Defense Minister Oleksii Reznikov said during a briefing on Feb. 5 that he was ready to step down if President Volodymyr Zelenksy ordered his dismissal.
“No official is in the chair forever. Not one,” Reznikov said. “...I will do what the head of state suggests to me.”
The statement comes after Ukrainian news outlet Ukrainska Pravda reported citing government and military sources, that Reznikov will likely be dismissed from his ministerial post next week.
According to the publication, the likely replacement for him is Kyrylo Budanov, head of Ukraine’s military intelligence.
A government source confirmed to the Kyiv Independent that Reznikov was likely to be replaced in the very near future.
Reznikov could be appointed Justice Minister upon dismissal, as “no one in the Presidential Office has any doubt” that Reznikov should stay in the government, according to the Ukrainska Pravda article.
According to the report, Justice Minister Denys Maliuska could be appointed as an ambassador to a Ukrainian diplomatic mission in Europe.
The report hasn’t provided information on who will head Ukraine’s military intelligence agency if Budanov is appointed as defense minister.
Reznikov, 56, has served as Defense Minister since Nov. 4, 2021, overseeing the ministry throughout the entirety of Russia’s full-scale war against Ukraine.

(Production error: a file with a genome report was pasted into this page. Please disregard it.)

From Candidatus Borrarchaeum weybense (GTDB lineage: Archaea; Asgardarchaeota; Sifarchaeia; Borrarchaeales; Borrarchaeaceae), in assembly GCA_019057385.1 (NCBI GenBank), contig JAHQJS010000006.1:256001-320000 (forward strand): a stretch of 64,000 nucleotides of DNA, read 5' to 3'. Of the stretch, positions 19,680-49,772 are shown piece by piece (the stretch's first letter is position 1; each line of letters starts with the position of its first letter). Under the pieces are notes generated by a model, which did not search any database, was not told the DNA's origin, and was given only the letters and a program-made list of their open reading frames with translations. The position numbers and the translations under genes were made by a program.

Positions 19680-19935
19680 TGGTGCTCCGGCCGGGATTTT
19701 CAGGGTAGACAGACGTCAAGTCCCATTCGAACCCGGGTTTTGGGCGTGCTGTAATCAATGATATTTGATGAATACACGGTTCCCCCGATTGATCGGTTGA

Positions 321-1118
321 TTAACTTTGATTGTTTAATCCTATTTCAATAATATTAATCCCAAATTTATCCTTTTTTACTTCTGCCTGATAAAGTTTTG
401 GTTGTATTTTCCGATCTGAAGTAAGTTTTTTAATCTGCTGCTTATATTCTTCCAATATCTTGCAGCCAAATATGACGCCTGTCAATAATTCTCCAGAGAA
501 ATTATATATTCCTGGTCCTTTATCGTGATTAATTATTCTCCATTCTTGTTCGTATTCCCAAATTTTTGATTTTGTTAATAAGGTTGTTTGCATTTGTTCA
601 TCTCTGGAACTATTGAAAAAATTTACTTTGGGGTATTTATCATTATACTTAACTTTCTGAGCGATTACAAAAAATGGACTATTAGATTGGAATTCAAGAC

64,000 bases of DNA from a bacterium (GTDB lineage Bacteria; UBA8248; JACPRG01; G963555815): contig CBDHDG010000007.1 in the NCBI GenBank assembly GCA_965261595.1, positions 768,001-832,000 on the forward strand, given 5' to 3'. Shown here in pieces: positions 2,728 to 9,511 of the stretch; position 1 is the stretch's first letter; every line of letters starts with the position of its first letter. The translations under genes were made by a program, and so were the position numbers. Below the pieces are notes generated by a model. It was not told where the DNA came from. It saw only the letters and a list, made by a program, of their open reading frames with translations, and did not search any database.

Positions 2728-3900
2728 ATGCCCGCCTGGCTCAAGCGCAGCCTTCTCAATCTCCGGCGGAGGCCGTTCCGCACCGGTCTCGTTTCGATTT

During this time, Reznikov played an important role in campaigning for and securing Western military aid that has proved vital to Ukraine’s resistance against Russia.
In late January, the Defense Ministry was beset by a high-profile corruption scandal that led to the firing of several top officials.
Ukrainian newspaper ZN.UA reported on Jan. 21 that the Defense Ministry procured large amounts of food products for the military at inflated prices.
The National Anti-Corruption Bureau of Ukraine has since opened an investigation into the alleged scheme.
Reznikov’s deputy, Vyacheslav Shapovalov, was dismissed from the Defense Ministry on Jan. 24.
On Jan. 31, Reznikov said that an audit of the army’s procurement process had been launched on June 29. Its initial results in December found that the procurement system was deficient.
When the ZN.UA article first broke, Reznikov denied any wrongdoing, saying that whoever leaked the procurement documents committed a crime.
A court arrested Shapovalov for 60 days on Feb. 2.